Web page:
Later this year, the Department of Homeland Security hopes to provide a new prototype helmet for firefighters, a piece of gear designed to meet modern challenges in one flexible, composite form. Firefighting is dangerous work, even when it’s narrowly focused on fires, but as first responders firefighters handle a range of crises, including ones where the immediate threat may be more from firearms than flame. To meet that need, the Department of Homeland Security’s Science and Technology directorate is funding a new, all-purpose helmet for firefighters that will include both protection from bullets and fire.

“Firefighters are increasingly called upon to respond to potentially violent situations (PVS), including active shooters, armed crowd and terrorist incidents, hazardous materials mitigation, and disaster response,” reads a Homeland Security scouting report published in July 2019, outlining the needs and limits of existing helmet models. “Currently, firefighters must carry one helmet for fire protection and one helmet for ballistic protection, which creates a logistical burden when firefighters must switch gear on the scene.” 

Relying on two distinct helmets for two distinct kinds of response is not an efficient setup, and it means that if a firefighter is responding to one kind of emergency, like a shooter, but then a fire breaks out, the first helmet offers inadequate protection for the task. While dealing with shooters is and remains the primary responsibility of law enforcement, rescuing people from danger that might include a shooter is in the wheelhouse of firefighters, and so being able to do that safely despite bullets flying would improve their ability to rescue. 

Beyond survivability from both bullets and fires, Homeland Security evaluated helmets for how well they could incorporate self-contained breathing apparatus (SCBA) gear, fit integrated communications, and be able to either project light or, if lights are not baked into the helmet design, easily mount and use lights. The breathing apparatus required for indoor firefighting must work cleanly with the helmet, as without the outside air circulation like in wildfire fighting, firefighters are tasked to venture into smoke-filled rooms, sometimes containing smoke from hazardous materials. Communications equipment allows firefighters to stay in contact despite the sounds and obstructions of a building on fire, and lighting can cut through the smoke and blaze to help firefighters locate people in need of rescue.

The National Fire Protection Association sets standards for fire gear, and the ballistic standards chosen are from the National Institute of Justice’s Level 111A, which includes handgun bullets up to .44 Magnum but does not cover rifle ammunition. 

[Related: A new kind of Kevlar aims to stop bullets with less material]

In the 2019 evaluation, eight helmets met the standard for fire protection, while only one met the standard for ballistic protection. The fields of fire and ballistics protection have largely been bifurcated in design, which is partly what initiatives like funding through the Science and Technology Directorate are built to solve. In the same 2019 evaluation of existing models, no one existing helmet offered both ballistic protection alongside the other firefighting essentials sought in the program. These designs all ditch the wide brim and long tail traditionally found in firefighting helmets, as the protection offered by the helmet’s distinctive shape can be met through other means.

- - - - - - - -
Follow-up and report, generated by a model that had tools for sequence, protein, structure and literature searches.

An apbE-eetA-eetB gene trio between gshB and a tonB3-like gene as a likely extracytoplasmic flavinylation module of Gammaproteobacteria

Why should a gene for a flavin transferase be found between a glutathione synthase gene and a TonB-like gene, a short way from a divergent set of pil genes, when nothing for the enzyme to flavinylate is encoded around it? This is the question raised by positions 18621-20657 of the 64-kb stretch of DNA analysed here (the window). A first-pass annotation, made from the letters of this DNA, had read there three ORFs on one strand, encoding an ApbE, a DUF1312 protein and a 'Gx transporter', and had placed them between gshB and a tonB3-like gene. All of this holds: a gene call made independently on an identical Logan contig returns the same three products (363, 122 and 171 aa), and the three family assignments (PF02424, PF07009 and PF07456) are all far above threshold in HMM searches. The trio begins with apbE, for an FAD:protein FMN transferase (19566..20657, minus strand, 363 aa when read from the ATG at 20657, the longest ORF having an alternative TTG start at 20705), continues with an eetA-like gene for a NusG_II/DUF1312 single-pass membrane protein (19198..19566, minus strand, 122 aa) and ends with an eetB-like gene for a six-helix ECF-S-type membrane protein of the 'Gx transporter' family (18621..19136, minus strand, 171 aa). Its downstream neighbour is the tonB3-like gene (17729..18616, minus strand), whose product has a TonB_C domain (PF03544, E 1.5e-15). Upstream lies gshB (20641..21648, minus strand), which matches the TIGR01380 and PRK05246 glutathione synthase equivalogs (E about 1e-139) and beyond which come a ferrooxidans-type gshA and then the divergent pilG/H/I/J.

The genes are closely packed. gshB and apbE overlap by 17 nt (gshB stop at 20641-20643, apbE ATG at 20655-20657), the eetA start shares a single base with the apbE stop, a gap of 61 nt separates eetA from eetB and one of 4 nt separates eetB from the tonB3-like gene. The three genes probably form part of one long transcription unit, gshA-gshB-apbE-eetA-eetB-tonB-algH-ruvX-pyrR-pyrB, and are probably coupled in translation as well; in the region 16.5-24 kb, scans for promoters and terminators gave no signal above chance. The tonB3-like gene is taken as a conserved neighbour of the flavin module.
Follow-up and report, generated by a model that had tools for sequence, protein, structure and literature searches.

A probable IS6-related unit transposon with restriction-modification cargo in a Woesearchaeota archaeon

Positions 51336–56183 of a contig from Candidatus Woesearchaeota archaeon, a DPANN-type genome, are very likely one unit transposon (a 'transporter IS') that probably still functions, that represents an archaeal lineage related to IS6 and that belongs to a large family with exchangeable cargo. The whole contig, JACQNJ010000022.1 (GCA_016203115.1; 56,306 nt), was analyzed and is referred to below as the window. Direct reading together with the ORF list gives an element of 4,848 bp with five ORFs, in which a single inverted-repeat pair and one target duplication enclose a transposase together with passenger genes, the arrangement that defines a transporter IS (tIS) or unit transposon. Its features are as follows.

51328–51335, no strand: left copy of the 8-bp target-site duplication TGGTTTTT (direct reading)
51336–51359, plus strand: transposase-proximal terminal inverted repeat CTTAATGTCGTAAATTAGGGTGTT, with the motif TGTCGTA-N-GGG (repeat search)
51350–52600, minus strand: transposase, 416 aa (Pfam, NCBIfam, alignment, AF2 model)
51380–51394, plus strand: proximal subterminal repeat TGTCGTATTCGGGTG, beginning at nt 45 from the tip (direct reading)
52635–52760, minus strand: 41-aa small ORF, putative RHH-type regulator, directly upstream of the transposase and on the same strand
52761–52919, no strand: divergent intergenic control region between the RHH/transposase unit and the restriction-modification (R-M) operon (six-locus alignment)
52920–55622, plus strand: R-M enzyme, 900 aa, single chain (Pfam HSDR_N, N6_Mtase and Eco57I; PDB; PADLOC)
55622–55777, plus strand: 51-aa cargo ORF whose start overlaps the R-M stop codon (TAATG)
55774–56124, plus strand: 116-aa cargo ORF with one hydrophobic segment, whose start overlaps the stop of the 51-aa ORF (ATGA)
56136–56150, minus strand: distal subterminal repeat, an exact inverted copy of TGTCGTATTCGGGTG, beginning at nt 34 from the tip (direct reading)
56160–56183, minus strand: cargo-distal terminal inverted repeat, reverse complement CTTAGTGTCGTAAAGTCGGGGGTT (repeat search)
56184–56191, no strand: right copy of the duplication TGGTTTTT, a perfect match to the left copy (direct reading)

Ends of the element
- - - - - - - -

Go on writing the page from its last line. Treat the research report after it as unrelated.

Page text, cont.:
“The NextGen Firefighter Helmet will be designed with a shell that can absorb energy during impact and rapidly dissipates it without injuring the skull or brain. While the current materials used in both firefighter and military helmets are inadequate for the temperature and ballistic protection being sought, they provide a useful blueprint for future innovation,” said DHS in a release. “For example, Kevlar fiber has a melting point of 1040 °F and has proven highly effective in ballistic helmets and body armor. Similarly, polyester resins used in current firefighter headgear can have glass transition temperatures (the point at which it becomes hard and brittle) as high as 386.6°F. The idea is that thermosetting resins can be reinforced with Kevlar fiber, creating a shell that meets both the thermal and ballistic protection requirements of the NextGen Firefighter Helmet.”

Other important design features will be ensuring that the finished product doesn’t weigh too much or strain the necks of wearers too badly, as protective gear that injures wearers from repeated use is not helpful. That means a large-sized helmet that ideally weighs under 62 ounces, and in a medium size is under 57 oz. The helmet will need to be simple to put on, taking less than a minute from start until its secure in place. 

DHS expects the prototype to be ready by mid-2023, at which point it will conduct an operational field assessment. Firefighters will evaluate the helmet design and features, and see if what was devised in a lab and a workshop can meet their in-field needs. After that, should the prototype prove successful, the process will be finding commercial makers to produce the helmets at scale, creating a new and durable piece of safety gear.